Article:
Seth Dillon, CEO of the satirical website The Babylon Bee, was a guest on Joe Rogan’s podcast Tuesday, with the two debating if there are circumstances when an abortion can be justified.
In an episode of "The Joe Rogan Experience," Dillon and the titular host discussed various political issues, including abortion.
Rogan started the conversation by stating that he believes abortion is justified in cases of rape, arguing that a hypothetical 14-year-old girl who became pregnant after rape should not be forced to carry her rapist’s child.
Dillon responded by saying some pro-life activists conceived in rape argue they had a right to live regardless of the circumstances of their conception.
“I don’t think two wrongs make a right,” he said as Rogan challenged him on the issue. “I don’t think murder fixes a rape.”
The podcast host moved the discussion to abortions that occur early in the first trimester and when human life becomes valuable.
“What if we’re talking about an abortion when the fetus is like, six weeks, four weeks, three days?” Rogan asked. “What if she just turned positive for the pregnancy? What if it just happened today?”
The Babylon Bee CEO said it's impossible to draw a line on when human life begins, but that abortion involved killing "an innocent human life."
“I would lay it out like this,” Dillon said. “I would say that it is wrong to intentionally kill an innocent human life. Abortion intentionally kills an innocent human life. Therefore abortion is wrong."
"And I don’t think any of the examples of how developed is it, can it think, is it conscious, can it dream, can it feel pain.”
When asked if he thinks life starts at conception, Dillon said that the being inside the woman is a human life, and it is wrong to terminate it.
During the nearly three-hour episode, Dillon objected to the fact that his satire website has received “misinformation” labels, claiming that such labels from fact-checking sites are a double standard. He stated that the abortion industry is not held to the same level of scrutiny for misleading people about life inside the womb.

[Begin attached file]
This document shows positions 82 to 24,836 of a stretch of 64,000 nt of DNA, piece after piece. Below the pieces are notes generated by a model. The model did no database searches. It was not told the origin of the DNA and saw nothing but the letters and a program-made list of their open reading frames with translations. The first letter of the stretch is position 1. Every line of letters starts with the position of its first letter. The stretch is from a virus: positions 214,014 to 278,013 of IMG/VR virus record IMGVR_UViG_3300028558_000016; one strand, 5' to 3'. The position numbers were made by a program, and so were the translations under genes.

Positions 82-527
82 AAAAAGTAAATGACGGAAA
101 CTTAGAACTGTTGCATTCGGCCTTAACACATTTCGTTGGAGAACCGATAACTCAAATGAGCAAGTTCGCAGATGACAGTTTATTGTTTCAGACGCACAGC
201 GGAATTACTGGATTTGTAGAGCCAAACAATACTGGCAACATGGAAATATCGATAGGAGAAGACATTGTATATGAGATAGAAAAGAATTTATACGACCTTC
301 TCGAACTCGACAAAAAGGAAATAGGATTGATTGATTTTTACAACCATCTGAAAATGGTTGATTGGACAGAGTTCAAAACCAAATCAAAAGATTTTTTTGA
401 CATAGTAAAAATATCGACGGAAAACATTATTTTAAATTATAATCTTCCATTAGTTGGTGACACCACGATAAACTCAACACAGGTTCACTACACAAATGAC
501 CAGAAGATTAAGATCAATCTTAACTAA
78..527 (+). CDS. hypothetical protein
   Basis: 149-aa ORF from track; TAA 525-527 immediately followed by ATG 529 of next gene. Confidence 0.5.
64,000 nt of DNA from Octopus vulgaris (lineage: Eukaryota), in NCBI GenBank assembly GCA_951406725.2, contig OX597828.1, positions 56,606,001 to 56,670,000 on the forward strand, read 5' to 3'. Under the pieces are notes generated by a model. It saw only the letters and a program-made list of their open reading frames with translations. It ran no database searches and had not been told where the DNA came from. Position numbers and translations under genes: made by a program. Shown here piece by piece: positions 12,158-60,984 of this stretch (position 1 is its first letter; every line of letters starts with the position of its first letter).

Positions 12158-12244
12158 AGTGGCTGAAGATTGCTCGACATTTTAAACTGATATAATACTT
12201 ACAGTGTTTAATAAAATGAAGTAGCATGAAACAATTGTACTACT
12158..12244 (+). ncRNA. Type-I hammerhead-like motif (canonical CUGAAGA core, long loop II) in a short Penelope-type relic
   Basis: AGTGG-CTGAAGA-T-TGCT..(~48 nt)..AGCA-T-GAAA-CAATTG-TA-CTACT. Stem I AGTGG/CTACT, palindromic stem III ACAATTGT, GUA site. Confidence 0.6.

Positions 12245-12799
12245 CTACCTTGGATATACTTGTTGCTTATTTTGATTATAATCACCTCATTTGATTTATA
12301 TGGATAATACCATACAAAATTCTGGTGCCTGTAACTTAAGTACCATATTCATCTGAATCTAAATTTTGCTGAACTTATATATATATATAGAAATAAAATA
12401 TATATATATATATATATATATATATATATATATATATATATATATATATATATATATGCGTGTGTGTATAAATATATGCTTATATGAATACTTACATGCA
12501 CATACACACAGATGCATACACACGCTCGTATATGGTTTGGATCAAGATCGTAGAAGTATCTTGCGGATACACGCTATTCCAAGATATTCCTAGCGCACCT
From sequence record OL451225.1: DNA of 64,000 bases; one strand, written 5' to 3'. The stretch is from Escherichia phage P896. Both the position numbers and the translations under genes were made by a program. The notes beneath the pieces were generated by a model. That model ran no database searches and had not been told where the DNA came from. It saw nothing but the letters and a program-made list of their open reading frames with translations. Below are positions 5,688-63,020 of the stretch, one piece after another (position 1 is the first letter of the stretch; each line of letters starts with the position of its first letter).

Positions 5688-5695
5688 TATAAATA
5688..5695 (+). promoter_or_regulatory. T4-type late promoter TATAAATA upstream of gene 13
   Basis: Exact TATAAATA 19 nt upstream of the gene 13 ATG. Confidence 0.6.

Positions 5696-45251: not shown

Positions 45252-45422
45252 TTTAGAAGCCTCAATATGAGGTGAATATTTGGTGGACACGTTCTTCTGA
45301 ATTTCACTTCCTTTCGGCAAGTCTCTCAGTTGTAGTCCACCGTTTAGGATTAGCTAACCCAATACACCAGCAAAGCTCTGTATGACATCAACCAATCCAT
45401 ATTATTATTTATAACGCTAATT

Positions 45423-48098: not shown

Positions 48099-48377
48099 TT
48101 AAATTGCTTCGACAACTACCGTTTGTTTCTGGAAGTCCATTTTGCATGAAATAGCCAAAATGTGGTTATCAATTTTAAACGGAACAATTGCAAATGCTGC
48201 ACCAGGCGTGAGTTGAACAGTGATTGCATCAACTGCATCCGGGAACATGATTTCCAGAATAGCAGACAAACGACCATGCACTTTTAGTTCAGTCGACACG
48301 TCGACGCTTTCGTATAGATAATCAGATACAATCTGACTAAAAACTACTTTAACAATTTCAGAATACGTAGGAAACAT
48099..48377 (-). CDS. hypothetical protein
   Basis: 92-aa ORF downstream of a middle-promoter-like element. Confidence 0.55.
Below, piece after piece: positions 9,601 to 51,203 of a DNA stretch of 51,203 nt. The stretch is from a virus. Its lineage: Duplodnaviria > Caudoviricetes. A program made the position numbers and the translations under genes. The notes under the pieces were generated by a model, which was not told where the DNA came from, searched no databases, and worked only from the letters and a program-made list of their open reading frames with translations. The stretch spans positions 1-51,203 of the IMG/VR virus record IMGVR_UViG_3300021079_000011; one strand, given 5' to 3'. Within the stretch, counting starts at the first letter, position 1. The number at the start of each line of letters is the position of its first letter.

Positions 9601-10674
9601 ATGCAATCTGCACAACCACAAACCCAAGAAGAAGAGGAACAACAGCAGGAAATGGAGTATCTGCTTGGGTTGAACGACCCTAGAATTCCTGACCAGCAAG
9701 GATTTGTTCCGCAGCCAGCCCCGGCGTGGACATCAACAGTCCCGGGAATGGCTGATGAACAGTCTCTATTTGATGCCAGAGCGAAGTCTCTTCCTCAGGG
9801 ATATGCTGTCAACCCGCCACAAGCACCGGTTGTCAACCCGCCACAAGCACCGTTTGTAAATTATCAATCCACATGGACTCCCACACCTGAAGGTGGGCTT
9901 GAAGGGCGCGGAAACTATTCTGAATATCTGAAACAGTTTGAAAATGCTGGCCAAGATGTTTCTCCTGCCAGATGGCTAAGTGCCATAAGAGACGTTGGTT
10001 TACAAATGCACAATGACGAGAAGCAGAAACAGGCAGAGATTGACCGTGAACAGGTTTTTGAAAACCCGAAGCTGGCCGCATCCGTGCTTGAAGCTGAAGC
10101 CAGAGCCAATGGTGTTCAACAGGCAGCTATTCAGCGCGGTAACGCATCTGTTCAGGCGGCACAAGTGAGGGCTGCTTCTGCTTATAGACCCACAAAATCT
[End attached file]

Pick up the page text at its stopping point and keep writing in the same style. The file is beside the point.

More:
“What about calling that baby a 'clump of cells'? I think that’s harmful misinformation,” he said. “And then you’re encouraging people to kill it like it’s nothing when it’s actually a human life.”
Toward the end of the discussion, Rogan admitted he could understand the points Dillon was making, stating this is why the topic of abortion is such a “human issue.”
“I think what we agree with is what you are trying to say is that all life is valuable. All life is valuable. At the moment of conception, it’s valuable — it’s all valuable,” Rogan said.
Earlier this month, Dillon gave a speech at the Cornerstone Chapel in Leesburg, Virginia. He said he thinks it is "increasingly becoming more and more difficult" for Christians to speak "the truth boldly in the public square."
Dillon added that if every person is "created equally in God's image," all comedians should be able to joke about anyone they choose "indiscriminately."
"Isn't that the way of treating each other equally?” Dillon asked.
"If I were to make a joke about women, I'd be 'punching down' because men supposedly have more power and privilege than women in our society. Well, I would only be reinforcing that if I acted like I couldn't make jokes about women because they're beneath me. I'm reinforcing that idea."
"If I joke about them, I'm treating them equally," he added. "So, I will. I'll continue to joke about you throughout the night. And you will like it and not slap me."
Babylon Bee has garnered criticism from popular fact-checking website Snopes, which has been known to treat Bee stories as though they were misinformation from a new platform rather than satire.
In 2019, Snopes defended its methodology by posting an article that included academic research indicating that “stories published by The Bee were among the most shared factually inaccurate content in almost every survey we conducted.”
For his part, Babylon Bee editor-in-chief Kyle Mann responded via a series of tweets that took issue with the researchers paraphrasing satirical story claims when asking their respondents.
"That survey @snopes shared is horrible. Did they seriously paraphrase Bee stories and ask people if they thought they were true? That's an awful way to figure out what percentage of people will believe satire," tweeted Mann at the time.
"This is totally different from how people actually engage with our stories, where the over-the-top content on the site and social feeds, the site name, our freakin' tagline, a goofy photoshop, are pretty darn big clues that it's satire. ... Do people get fooled? Sure, sometimes. But this survey is a horrible way to prove that."
In an October 2020 interview with The New York Times, the outlet’s reporter Emma Goldberg discussed her research into the site and The Babylon Bee’s tendency to be mistaken for a legitimate news website.
While the satire news site feels it is being unfairly targeted, Goldberg believes it has not done much to stop people from taking their stories seriously.
“The Bee feels that they’re being targeted unfairly. But Snopes has poked at the fact that their pieces can sometimes be easily mistaken for real news — which might fall on them, not their readers,” she said.
In March, Twitter suspended The Baylon Bee's account over a satirical story referring to Rachel Levine, a trans-identified Biden official who is biologically male but identifies as female, as a man.